• Those are not "religions." Religion is variously defined. In James it refers to living a Christian life. Some say that "religion" is working for God to accept you (in various ways), and that to get saved you need to stop religion. To the extent that all those groups that you listed require their adherents to trust Christ as only & sufficient Savior, and define Christ so that the word "Christ" actually refers to Christ, those are all Christians. (I mean that Christ is the 2nd person of the Trinity, both God and man.) To the extent that those different groups simply have different preferences as to how to conduct a local church, these are just varieties of Christians. Actually few Christians agree with each other on everything. The only persons that lockstep agree on "everything," IMO, are cult members. There are many, many different baptist denominations. They mostly agree that water baptism is by immersion and that only believers should be baptized (ignorant children excluded). But actually the view on baptism is really not that important a doctrine to baptists; I don't know of any that insist that you can't be saved without holding and practicing baptist baptism. Presbyterians traditionally believed in a "presbytery" for church government. The presbytery was the elders, consisting of pastors and ruling elders in a geographical region. These owned the church property and legally assigned pastors to churches in that area. But there again, to traditional Presbyterians, this belief about a presbytery was not the most important of the doctrines they believed; just one that defined them as non-congrationalist, and non-bishop. Lutherans followed the general peculiarities of Luther. However, I think Luther would not have approved of persons calling themselves Lutherans. The Methodists were a revivalistic movement in the Church of England. These are not the real important distinctions in Christendom. By the end of World War I the really important distinctions came to be between fundamentalists vs. modernists; and this division in Christendom cut across all those denominations. Soon the fundamentalists in each denomination felt more sympathy for each other than with the modernists in each denomination (& vice versa). The fundamentalists believed the basic fundamentals of the faith (deity of Christ, inerrant Bible & the life -- they did not agree with each other on a host of other secondary issues, like "separation" and what was a "worldly practice." The modernists denied the very basics of Christianity: the Bible had lots of errors, Christ was not God, miracles are myths.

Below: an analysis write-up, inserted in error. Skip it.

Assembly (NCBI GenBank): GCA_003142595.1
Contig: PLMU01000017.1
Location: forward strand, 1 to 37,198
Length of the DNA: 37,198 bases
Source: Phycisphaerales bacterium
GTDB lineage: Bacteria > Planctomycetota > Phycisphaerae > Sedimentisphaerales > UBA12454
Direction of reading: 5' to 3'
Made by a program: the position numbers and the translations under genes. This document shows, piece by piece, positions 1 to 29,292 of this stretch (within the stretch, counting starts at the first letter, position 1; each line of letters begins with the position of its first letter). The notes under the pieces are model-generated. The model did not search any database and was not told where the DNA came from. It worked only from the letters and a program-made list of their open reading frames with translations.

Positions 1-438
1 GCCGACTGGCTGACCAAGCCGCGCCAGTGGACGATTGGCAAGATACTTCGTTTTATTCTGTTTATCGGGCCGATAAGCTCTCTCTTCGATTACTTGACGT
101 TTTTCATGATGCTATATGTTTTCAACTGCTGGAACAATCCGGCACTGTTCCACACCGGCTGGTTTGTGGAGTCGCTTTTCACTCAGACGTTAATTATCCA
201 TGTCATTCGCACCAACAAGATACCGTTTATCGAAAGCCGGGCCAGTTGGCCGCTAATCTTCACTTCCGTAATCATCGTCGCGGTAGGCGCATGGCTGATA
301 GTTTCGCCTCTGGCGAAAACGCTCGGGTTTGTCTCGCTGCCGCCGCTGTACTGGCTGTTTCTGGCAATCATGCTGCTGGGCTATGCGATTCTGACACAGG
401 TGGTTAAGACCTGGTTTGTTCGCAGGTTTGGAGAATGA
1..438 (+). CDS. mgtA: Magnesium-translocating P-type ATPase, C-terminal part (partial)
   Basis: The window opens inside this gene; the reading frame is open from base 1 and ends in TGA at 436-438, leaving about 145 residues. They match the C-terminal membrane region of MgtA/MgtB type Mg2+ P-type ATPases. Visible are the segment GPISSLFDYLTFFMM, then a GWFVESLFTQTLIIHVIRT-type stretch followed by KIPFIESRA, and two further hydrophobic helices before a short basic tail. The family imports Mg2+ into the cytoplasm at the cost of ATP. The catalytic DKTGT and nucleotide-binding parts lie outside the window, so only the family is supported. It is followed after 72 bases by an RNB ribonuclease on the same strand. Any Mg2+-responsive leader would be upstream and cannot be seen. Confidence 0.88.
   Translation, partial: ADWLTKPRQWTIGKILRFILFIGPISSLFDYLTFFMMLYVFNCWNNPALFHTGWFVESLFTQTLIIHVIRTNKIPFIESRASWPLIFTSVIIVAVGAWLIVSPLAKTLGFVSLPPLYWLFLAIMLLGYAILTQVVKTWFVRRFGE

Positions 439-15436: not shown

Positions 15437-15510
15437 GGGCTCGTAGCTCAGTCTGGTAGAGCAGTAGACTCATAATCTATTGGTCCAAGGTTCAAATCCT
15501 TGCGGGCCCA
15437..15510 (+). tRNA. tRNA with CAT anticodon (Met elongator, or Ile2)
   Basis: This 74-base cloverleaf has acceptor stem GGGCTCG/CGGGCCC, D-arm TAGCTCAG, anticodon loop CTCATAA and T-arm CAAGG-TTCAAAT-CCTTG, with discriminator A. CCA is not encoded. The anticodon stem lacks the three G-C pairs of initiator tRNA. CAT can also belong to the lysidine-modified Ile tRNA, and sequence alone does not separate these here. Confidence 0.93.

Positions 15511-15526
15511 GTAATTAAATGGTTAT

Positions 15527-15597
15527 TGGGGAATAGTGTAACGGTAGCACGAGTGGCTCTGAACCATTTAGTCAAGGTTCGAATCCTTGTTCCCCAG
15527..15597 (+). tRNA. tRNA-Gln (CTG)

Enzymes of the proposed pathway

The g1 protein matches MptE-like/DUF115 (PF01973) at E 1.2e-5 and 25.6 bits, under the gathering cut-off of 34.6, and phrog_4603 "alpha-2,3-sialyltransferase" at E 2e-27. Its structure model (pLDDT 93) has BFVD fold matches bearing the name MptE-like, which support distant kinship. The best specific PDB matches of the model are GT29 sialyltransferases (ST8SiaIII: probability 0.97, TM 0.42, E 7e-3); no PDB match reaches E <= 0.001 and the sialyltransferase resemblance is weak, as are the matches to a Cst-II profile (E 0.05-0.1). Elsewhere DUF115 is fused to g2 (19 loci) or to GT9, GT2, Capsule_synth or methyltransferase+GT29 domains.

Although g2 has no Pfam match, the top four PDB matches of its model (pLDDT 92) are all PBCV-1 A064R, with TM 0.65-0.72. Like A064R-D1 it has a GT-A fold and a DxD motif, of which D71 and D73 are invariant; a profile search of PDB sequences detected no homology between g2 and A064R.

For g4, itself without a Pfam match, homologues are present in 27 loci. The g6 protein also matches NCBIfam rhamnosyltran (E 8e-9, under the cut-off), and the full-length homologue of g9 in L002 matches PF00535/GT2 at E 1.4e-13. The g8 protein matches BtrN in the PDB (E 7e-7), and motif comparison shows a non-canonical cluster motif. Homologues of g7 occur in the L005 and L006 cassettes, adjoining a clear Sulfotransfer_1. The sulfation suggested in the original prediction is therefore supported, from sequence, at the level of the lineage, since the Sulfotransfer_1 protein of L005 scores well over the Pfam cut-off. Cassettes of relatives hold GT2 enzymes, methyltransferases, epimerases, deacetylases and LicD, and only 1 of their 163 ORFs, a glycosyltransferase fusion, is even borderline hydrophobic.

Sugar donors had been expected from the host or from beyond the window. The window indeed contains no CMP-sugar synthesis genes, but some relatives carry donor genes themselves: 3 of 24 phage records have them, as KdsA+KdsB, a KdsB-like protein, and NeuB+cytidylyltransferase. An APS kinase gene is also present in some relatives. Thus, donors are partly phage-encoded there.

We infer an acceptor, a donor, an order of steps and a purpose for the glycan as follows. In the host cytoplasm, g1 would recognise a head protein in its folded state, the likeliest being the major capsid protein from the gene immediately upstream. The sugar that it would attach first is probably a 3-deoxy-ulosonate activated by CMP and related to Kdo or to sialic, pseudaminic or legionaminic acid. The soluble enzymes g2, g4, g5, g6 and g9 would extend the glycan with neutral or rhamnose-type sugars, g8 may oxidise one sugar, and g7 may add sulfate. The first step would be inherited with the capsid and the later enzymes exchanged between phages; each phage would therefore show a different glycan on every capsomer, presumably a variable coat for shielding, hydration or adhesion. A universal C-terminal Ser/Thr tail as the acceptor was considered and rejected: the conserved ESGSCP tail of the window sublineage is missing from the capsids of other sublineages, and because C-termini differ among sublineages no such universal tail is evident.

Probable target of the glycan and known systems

• The differences are slight. Baptist believe in baptizing at age 8 or 9, Lutherans believe in baptizing infants. Some believe in allowing female or gay pastors. There are differences in the formality of the church service and what is performed. There are differences in the administering of the bread and wine. Some use unleven bread others have raised bread. Some wear formal robes and some wear street clothing. Some denominations believe in singing out loud and other not at all. Lutherans pronounce God's forgiveness over the congregation after a period of reflection and repentance. I don't think the other religions do that.
  • The Presbyterians, Lutherans, and the United Methodists are liberal, main-line Protestant denominations, that recognize both Baptistism and Holy Communion, as Sacraments-the Baptists do not. Unlike the Baptists, the other 3 denominations, are liturgical and whose worship styles are very similiar-pastors are more likely than not to wear vestments and stoles, and incor porate organ accompanment-Baptists do not and also don't recognize the Christian season like the Methodist and Lutherans do as well as the Presbyterians The Baptists have always been fundamentalists and believe in the literal interpretation of the Bible-the other 3 do not. I hope this helps!
  • http://www.gotquestions.org/Baptists.html http://www.gotquestions.org/Methodists.html http://www.gotquestions.org/Lutherans.html
  • NOT VERY MUCH...THEY ALL FOLLOW THE FALSE TRINITY CONCEPT.
  • They are all doctrinal differences based upon differing interpretations of text, and the amount of emphasis placed upon non-scriptural tradition. They differ on their views on predestination. They differ on their views of baptism (what it means, type required - Baptism of the Spirit, immersion, etc). This is a good site for comparing religions and religious denominations. http://www.religioustolerance.org/